On an absolutely beautiful, but cold and very windy afternoon, H and I took a ride through an area known as the Muncy Hills. The Muncy Hills are a broken, highly eroded upland rising about 500 feet above the lowlands lying to the north and south. The hills are mostly wooded, but in the 1800s many of the more level hilltops were cleared as farmland. The acidic shale-derived soils were soon exhausted and many of the fields reverted to woodland.
Now some of the remaining farms are growing Christmas trees; others still produce crops (after applications of lime and fertilizer); some are now State Game Lands open for hunting, fishing and hiking; and some have been subdivided as rural homesites.
As we headed toward the Muncy Hills we came upon Katy’s Church Road – an intriguing name for a road. The road was paved for a while, but as it climbs into the hills it becomes a dirt and gravel road. Up it climbs until it gains the heights whereupon a white church without a steeple comes into view across an open field.
There it is – Katy’s Church, backed by a beautiful large white oak tree (more about that tree later) –
Katy’s Church sits at the four-way intersection of two roads, one side of which hadn’t been plowed all winter. Although there are a couple of fairly new houses nearby, the church seems isolated –
And appears to be very well maintained –
We pulled into a small parking area and faced the adjacent cemetery with its trees, fence and sign with that intriguing name, Katy, now including her last name – VanDine–
The cemetery has a gorgeous view, 19 miles across the valleys of Muncy Creek and its tributaries, to North Mountain which rises 1,200 – 1,500 feet above the surrounding lowlands. The cemetery wouldn't be a bad place to spend eternity –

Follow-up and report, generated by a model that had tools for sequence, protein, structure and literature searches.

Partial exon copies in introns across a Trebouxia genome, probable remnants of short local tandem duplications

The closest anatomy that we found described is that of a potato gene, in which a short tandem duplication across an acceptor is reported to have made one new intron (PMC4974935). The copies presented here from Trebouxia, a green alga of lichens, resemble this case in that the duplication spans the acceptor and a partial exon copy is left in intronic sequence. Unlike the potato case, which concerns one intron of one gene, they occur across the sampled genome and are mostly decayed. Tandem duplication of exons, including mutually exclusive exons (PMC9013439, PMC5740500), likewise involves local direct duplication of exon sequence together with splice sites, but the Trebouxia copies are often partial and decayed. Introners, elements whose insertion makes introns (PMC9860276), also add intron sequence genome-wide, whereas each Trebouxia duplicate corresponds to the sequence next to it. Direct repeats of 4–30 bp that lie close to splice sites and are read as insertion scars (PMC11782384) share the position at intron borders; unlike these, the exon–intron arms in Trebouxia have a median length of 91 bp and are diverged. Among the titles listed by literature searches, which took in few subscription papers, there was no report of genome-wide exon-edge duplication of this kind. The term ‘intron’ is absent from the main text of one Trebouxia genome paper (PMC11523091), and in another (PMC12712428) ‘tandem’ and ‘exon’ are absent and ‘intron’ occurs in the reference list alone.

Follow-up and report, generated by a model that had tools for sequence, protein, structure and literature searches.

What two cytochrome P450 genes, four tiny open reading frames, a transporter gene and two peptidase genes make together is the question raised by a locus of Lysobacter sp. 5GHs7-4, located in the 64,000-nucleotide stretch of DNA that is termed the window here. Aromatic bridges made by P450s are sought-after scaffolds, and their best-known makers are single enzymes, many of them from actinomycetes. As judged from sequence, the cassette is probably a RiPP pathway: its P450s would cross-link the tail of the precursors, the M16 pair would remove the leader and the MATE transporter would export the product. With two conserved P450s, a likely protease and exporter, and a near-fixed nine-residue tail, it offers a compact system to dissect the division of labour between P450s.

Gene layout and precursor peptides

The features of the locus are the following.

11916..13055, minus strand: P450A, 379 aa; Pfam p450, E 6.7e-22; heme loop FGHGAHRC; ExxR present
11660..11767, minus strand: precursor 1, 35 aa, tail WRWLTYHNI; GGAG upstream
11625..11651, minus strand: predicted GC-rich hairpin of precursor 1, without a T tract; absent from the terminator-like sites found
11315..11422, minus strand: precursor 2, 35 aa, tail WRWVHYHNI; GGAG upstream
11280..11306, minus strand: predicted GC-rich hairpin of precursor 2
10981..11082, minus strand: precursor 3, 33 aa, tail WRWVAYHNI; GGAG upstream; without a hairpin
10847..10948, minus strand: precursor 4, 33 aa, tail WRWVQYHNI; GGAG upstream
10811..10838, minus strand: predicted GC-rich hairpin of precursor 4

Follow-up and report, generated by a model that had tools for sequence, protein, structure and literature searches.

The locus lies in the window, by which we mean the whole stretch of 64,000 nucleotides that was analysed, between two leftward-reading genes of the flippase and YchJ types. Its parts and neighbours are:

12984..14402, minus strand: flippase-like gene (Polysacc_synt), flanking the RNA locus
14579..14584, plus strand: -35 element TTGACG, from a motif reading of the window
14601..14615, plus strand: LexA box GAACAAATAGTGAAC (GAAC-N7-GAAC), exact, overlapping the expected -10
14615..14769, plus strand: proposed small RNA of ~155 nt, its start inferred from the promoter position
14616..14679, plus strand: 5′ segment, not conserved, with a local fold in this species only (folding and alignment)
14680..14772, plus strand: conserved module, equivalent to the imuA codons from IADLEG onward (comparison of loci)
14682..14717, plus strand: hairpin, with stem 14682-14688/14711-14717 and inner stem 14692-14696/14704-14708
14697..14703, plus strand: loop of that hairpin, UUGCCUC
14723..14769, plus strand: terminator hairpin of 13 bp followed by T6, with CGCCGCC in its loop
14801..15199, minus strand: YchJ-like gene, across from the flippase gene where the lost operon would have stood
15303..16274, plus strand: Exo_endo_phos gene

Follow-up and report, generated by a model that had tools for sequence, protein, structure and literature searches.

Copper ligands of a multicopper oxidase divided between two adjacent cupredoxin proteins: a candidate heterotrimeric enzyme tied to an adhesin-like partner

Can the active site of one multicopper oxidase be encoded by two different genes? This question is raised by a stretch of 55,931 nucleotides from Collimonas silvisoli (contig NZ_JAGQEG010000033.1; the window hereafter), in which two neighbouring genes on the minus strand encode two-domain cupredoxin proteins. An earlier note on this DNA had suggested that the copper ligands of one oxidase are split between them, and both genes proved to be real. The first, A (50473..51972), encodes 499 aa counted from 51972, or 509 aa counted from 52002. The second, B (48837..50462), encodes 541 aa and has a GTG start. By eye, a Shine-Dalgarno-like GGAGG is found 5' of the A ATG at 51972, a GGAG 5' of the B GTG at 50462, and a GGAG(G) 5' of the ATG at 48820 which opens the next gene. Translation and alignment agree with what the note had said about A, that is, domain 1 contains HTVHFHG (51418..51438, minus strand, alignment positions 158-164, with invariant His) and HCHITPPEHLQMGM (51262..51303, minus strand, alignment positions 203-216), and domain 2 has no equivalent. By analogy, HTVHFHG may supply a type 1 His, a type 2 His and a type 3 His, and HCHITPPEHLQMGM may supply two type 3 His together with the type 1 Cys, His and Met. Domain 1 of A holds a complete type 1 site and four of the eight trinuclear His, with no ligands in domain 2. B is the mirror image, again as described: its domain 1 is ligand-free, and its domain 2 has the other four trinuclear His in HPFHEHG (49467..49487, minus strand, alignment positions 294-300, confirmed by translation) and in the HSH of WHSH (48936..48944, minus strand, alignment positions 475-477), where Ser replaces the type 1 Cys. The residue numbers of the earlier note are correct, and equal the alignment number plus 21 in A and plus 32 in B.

Home we went, thinking about that intriguing name and wondering why the church and cemetery were named for Katy VanDine. Had she donated the land, or …? Time for some research.
The search turned up several versions of a local legend about Katy VanDine; all relating that she met her end hanging from a tree in the church’s cemetery –
That she was a young unmarried woman who became pregnant, was shunned by the community and hung herself rather than live in shame.
That she was betrothed to a soldier killed in war and, in grief, hung herself in her wedding dress.
That she was the mistress of a wealthy married man; she became pregnant and he accused her of bewitching him, then local people hung her as a witch.
There isn’t a date or documentation for any of the legends and some living members of the VanDine family strongly dispute all versions of the legend. Some say that Katherine (or Catherine) VanDine lived into old age and died in 1899 when she was 86 or 87.
Whatever the truth, the stories are interesting, as is the church which was built in 1869 and officially named the Immanuel Lutheran Church. Katy’s Church is now only used for occasional services, weddings and community gatherings. Naturally, given the legends, the church and cemetery are said to be haunted.
Now about that tree –
It’s a white oak, one of the longest-lived tree species in eastern forests; I once counted the annual rings in the stump of a felled white oak and determined it was 358 years old when it was cut. The wide spreading crown and large lower limbs on the white oak at Katy’s Church reveal that it has been growing in the open with few if any adjacent trees throughout its life – which almost certainly began after the adjacent fields were cleared, perhaps even after the church was built.
If Katy was hung, was it from this tree? Unlikely, since the tree would almost certainly have been too small in the 1800s. But then perhaps Katy’s story is just a legend after all.